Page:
Introduction Previous studies, including an important study from our own unit published nearly 20 years ago, have highlighted an increased risk of adenomatous colonic polyps in patients with acromegaly.1Current clinical guidelines suggest intense colonoscopic surveillance from the age of 40 for these patients.2
Advances in detection and improved treatment of acromegaly may have influenced the prevalence of colonic neoplasms in this group, and may necessitate revision of current surveillance guidelines.
We aimedto re-evaluate polyp prevalence in a more recent cohort of patients with acromegaly undergoing colonoscopic surveillance at the Royal London Hospital.
Method We interrogated our database to identify patients with acromegaly undergoing surveillance colonscopy between 2010 and 2015.
In these patients we reported detection of premalignant and malignant lesions.
Results We identified 89 patients (41 males, age range 36–82, median age 64) who had undergone colonoscopy.
In this 2015 cohort we identified 16 patients (18%) with at least one adenomatous polyp. Of these polyps, 69% were tubular adenomas and 31% were tubulovillous adenomas. Polyps in only two patients displayed high-grade dysplasia, the remainder displayed low grade dysplasia. No cancers were found, compared to 6 (5%) of the 1996 cohort.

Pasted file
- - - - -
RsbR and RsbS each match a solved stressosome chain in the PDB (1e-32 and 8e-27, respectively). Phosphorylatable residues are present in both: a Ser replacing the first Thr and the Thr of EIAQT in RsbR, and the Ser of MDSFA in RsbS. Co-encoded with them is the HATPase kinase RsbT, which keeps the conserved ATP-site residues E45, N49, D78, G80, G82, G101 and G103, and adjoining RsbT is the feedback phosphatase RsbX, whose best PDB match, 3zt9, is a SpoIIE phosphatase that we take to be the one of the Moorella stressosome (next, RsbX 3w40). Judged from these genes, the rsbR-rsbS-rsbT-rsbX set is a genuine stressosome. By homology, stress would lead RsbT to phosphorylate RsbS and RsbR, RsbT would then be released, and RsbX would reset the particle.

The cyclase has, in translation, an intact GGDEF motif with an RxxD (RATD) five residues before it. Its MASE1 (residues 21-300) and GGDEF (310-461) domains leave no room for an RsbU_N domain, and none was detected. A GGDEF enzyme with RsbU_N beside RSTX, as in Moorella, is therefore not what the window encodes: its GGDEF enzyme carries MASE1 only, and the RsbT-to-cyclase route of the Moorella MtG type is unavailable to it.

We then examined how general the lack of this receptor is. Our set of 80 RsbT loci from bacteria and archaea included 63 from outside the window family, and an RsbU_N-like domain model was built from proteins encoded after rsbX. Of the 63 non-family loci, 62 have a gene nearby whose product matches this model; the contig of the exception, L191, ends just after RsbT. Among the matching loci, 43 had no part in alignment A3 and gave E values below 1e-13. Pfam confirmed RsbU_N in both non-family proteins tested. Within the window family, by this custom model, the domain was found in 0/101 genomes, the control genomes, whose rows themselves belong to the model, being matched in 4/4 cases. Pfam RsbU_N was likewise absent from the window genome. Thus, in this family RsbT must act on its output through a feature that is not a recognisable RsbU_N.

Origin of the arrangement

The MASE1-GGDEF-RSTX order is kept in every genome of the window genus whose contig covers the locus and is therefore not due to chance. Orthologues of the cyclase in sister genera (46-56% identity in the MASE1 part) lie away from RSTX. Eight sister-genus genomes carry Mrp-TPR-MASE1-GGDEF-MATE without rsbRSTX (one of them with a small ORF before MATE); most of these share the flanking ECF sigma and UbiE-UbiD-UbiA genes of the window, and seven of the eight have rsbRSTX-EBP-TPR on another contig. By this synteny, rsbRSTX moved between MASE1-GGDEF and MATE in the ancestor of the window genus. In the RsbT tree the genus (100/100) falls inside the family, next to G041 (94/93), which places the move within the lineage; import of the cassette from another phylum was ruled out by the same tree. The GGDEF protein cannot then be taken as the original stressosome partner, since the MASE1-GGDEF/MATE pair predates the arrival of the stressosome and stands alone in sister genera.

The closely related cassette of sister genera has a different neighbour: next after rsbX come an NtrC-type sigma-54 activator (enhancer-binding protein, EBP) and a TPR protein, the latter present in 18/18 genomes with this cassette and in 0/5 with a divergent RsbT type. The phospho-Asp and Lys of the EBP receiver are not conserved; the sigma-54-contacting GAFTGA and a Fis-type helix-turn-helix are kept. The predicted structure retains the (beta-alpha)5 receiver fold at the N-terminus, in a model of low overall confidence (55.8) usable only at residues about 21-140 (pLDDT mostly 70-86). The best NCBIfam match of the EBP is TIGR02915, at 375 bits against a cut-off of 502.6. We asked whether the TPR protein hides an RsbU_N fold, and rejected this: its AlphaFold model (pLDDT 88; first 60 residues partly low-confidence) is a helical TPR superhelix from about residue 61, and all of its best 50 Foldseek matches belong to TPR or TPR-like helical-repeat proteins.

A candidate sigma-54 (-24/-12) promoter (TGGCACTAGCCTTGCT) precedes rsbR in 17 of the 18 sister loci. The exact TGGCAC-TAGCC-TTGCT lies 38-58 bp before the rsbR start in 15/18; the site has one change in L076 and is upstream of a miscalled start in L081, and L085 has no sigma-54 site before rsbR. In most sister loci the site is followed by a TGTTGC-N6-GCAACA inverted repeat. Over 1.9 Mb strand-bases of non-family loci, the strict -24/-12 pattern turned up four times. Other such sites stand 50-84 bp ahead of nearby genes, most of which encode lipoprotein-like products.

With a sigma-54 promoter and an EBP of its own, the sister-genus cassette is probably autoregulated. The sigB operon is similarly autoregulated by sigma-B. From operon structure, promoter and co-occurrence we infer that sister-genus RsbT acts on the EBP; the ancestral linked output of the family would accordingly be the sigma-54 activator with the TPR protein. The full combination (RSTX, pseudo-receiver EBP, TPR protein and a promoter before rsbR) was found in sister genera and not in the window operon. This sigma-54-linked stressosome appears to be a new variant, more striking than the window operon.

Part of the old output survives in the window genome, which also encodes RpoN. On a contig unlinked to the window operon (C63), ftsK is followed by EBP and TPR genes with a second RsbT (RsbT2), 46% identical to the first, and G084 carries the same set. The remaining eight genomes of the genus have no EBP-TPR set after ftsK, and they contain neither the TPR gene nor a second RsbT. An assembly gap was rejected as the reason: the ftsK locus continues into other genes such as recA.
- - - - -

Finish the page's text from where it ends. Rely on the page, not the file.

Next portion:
Conclusion In comparison to the 1996 cohort we show a significantly (p = 0.04) lower detection rate of premalignant polyps in our patient group. In fact adenoma detection rates are similar to those seen in healthy colonoscopic screening populations.
The reasons for this are likely to be multifactorial, but may in part be accounted for by advances in the diagnosis, management and monitoring of acromegaly (and thereby lower levels of GH and IGF-1). Consideration may be given to revisiting surveillance guidelines in these patients, resulting in fewer, perhaps more targeted procedures.
Disclosure of interest None Declared.
Jenkins PJ et al. Clin Endocrinol. 1997
Jenkins PJ, Fariclough PD. Gut. 2002